police court had no jurisdiction to try the crime charged in the indictment, the principle of double jeopardy was inapplicable. This contention was flatly rejected in an opinion for this Court by Justice Heher. But cf. State v. Gratz, 86 N.J.L. 483 (Sup. Ct. 1914), aff'd 88 N.J.L. 742 (E. & A. 1916); State v. Firth, 103 N.J.L. 275 (Sup. Ct. 1927). He placed reliance on the same evidence test and noted that, since the lesser offense charged in the police court was a necessary ingredient of the greater offense charged in the indictment, the conviction of the lesser barred prosecution of the greater under the holding in State v. Cooper, supra, 13 N.J.L. 361. More importantly, the defendant's possession was admittedly single and the charges were admittedly similar in nature; when he was tried and sentenced in the police court he reasonably expected that he would not be subjected to an independent later prosecution on a similar charge for the same possession; it would have violated considerations of fairness and the policies underlying the prohibition against double jeopardy to have exposed him to the subsequent prosecution.

The holding in Labato was followed in State v. Mark, supra, 23 N.J. 162, and State v. Dixon, supra, 40 N.J. 180. In Mark, the defendant was in the possession of obscene material and was charged in the municipal court with being a disorderly person in violation of N.J.S. 2A:170-1. He received a suspended jail sentence of one year and was fined $1,000. Thereafter he was indicted for possession of obscene material with intent to expose it in violation of the Crimes Act. N.J.S. 2A:115-2. His defense of double jeopardy was sustained in an opinion by Justice Wachenfeld who pointed out that, while the case should never have been tried in the magistrate's court and should have been originally referred to the county prosecutor, the proceeding in the magistrate's court precluded the later prosecution under the Crimes Act within the principles expressed in Labato. In Dixon, the defendant was charged in a municipal court with engaging in an illicit business in violation of the Disorderly Persons Act.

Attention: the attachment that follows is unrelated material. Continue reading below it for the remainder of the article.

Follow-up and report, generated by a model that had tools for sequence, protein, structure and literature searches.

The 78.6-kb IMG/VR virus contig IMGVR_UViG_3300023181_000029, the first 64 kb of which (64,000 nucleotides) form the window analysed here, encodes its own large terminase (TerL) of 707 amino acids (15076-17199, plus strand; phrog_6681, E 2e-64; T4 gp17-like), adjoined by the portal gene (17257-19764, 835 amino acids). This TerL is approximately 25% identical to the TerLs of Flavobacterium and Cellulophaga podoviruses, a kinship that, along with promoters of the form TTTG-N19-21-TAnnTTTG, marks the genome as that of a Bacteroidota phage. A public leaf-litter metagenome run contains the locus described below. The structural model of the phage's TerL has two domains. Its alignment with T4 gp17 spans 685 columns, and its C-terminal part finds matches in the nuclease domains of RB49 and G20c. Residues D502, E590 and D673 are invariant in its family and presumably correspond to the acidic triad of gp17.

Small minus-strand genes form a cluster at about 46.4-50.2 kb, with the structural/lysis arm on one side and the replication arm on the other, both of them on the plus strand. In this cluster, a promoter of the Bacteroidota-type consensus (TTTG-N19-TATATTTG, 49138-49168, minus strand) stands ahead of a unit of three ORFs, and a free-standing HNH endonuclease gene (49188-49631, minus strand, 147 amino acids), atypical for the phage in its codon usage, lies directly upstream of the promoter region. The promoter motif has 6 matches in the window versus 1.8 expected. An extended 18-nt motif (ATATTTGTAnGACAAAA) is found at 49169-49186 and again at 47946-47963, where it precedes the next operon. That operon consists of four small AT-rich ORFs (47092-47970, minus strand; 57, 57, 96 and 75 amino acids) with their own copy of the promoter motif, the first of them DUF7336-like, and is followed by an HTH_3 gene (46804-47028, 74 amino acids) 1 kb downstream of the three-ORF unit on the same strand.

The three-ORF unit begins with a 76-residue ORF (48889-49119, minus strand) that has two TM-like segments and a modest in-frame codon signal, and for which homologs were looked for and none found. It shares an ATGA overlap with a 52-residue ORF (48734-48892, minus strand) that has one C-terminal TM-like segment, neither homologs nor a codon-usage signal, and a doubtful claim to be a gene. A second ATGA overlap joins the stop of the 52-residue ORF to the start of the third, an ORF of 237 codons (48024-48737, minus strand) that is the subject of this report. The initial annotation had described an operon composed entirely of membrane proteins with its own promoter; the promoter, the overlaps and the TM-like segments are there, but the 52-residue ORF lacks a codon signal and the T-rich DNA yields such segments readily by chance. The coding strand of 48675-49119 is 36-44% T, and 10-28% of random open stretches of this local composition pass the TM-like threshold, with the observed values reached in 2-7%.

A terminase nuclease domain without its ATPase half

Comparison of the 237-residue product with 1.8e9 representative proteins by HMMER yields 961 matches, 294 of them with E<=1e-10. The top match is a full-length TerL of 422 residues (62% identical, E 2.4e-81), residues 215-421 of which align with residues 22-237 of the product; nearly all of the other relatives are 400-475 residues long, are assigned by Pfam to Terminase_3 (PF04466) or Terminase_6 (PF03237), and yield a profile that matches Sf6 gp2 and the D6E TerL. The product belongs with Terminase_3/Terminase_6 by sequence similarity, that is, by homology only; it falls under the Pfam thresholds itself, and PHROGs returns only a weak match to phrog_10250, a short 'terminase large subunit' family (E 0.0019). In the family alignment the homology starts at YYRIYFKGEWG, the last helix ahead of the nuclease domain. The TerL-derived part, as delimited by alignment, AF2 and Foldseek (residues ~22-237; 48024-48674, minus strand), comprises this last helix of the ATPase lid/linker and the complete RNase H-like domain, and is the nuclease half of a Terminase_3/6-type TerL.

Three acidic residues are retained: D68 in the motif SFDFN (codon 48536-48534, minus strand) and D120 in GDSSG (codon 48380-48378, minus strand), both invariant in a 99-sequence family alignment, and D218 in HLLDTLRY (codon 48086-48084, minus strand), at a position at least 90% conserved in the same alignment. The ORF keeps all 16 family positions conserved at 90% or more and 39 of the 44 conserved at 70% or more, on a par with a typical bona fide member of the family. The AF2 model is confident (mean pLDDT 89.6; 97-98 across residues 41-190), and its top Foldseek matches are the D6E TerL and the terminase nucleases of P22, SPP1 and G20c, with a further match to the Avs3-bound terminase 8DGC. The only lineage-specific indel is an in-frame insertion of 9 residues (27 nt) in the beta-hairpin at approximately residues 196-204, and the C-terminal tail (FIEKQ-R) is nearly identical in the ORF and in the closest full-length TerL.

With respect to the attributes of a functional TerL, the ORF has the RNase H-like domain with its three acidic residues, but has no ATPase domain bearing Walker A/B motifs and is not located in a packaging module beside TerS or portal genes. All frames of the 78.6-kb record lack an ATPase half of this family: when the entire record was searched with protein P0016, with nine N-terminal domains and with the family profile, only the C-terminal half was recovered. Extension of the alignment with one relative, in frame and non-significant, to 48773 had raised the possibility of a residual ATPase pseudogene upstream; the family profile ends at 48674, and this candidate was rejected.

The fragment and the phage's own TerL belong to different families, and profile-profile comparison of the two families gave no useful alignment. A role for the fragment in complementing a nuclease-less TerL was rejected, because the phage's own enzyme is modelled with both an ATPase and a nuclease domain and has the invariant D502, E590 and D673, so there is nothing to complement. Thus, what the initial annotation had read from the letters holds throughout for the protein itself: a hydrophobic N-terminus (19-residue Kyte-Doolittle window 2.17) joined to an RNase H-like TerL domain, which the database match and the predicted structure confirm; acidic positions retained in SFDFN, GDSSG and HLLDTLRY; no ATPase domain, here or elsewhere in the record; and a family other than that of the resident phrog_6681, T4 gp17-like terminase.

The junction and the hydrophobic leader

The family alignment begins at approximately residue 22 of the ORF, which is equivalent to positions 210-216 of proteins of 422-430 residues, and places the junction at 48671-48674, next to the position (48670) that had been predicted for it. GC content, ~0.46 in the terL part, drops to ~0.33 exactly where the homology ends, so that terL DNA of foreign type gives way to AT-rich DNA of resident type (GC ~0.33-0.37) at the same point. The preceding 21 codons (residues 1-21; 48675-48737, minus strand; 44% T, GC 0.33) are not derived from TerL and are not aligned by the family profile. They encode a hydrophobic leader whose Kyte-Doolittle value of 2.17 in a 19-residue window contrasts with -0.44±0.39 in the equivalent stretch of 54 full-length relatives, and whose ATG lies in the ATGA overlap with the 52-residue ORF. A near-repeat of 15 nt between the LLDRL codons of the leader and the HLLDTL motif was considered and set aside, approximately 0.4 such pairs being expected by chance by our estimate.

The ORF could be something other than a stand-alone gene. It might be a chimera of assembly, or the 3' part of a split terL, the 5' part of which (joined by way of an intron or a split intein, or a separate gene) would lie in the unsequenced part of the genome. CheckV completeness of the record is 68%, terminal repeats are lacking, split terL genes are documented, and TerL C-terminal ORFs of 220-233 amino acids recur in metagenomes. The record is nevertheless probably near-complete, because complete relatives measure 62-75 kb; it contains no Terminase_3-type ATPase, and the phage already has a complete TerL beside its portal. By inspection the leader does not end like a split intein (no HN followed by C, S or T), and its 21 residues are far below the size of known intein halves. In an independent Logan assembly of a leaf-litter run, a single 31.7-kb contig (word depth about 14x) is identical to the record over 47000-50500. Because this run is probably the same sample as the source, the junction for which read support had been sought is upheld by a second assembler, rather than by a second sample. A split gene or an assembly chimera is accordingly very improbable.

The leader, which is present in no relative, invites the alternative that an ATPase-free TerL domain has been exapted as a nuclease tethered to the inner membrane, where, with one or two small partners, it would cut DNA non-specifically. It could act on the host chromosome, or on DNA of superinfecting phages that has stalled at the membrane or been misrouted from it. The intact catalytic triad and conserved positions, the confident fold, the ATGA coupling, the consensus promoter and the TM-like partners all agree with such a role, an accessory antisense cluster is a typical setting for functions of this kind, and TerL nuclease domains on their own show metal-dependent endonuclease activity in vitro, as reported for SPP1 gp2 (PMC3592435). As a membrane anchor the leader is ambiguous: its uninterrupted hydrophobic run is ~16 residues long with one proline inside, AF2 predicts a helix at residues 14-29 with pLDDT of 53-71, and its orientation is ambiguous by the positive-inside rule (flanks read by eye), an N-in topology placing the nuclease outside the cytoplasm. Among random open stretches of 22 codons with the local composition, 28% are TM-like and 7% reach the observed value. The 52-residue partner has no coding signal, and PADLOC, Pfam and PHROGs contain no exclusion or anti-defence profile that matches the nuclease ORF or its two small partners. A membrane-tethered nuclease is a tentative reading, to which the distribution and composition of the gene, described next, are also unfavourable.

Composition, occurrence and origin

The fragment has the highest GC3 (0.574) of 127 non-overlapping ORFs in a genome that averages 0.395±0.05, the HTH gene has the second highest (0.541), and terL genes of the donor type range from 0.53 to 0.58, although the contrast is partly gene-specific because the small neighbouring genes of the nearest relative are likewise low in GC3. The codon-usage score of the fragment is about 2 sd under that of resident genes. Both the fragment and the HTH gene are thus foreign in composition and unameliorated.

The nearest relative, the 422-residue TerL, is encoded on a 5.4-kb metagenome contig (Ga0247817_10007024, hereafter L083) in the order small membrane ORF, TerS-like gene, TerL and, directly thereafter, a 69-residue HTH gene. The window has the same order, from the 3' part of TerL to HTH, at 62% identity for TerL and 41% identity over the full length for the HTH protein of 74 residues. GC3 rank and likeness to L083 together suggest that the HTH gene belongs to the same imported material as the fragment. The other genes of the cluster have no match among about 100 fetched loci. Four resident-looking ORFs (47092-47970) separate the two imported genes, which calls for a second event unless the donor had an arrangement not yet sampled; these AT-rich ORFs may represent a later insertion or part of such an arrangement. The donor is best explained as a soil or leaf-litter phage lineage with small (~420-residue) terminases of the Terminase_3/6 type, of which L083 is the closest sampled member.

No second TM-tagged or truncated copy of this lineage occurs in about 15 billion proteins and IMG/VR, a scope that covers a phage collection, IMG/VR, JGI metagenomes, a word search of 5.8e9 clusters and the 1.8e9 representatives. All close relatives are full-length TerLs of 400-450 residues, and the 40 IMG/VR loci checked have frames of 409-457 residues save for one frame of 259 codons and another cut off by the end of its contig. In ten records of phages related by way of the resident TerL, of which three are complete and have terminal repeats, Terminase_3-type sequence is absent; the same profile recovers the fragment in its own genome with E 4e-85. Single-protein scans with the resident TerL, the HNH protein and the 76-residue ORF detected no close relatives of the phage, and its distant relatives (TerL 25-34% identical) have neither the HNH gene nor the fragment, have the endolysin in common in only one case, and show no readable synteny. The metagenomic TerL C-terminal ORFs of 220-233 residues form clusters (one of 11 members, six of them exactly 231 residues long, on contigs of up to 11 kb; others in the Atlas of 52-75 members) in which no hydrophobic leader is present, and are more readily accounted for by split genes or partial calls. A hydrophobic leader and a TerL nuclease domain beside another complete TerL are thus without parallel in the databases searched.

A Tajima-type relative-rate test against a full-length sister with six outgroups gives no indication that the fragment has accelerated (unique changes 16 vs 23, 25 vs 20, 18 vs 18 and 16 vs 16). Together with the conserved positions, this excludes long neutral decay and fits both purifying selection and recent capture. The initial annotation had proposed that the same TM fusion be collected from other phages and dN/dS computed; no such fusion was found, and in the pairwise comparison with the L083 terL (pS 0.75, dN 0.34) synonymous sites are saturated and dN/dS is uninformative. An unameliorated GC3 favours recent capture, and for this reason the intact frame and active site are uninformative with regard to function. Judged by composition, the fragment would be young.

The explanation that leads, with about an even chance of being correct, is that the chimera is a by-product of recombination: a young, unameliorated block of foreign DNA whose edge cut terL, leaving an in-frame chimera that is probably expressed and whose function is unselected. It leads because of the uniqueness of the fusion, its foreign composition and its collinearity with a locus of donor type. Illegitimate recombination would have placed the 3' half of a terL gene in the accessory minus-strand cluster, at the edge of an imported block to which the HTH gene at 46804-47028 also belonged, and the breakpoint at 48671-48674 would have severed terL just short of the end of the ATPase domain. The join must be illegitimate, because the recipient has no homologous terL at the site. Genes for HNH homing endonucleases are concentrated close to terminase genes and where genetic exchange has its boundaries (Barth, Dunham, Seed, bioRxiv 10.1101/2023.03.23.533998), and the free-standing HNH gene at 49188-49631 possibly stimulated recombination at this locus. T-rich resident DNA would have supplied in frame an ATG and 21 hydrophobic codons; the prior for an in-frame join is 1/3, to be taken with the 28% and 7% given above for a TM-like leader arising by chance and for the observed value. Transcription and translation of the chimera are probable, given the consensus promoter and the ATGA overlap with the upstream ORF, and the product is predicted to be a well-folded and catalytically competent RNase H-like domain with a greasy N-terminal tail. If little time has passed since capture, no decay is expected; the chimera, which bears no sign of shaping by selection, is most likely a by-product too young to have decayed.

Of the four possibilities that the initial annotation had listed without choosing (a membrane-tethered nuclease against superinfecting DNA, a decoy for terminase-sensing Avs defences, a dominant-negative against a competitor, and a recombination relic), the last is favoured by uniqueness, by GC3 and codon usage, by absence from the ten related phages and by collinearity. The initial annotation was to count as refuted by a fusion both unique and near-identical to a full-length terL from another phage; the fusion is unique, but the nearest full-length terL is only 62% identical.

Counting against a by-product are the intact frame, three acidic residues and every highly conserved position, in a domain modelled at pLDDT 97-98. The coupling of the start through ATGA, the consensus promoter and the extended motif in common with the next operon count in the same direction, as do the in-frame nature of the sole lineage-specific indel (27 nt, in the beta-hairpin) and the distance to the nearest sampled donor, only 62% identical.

[41 NJ Page 541]

N.J.S. 2A:170-1. He was found guilty and paid a fine. Thereafter he was indicted for possession of illegal alcohol in violation of the Alcoholic Beverage Control Act. R.S. 33:1-50(e). The possession of the illegal alcohol had been used in the municipal court as the basis for the charge that he was guilty of having violated the Disorderly Persons Act. His plea of double jeopardy was sustained in an opinion by Justice Francis which cited Labato and quoted approvingly from Mark.

Mark and Dixon, as well as Labato, reached results which were on their facts entirely fair and consistent with reasonable expectations in the light of the constitutional and common law goals. But they never intended to convey the thought that every magistrate's determination, no matter how minor the offense charged before him, will necessarily preclude a subsequent criminal prosecution based in whole or in part on the same activity, no matter how aggravated the crime charged. Indeed in Labato itself Justice Heher seems to have recognized the contrary by his flat statement that the doctrine under which a person acquitted or convicted of a minor offense may not generally be charged again on the same facts in more aggravated form "does not apply when the subsequent charge is that of murder or manslaughter." 7 N.J., at p. 146.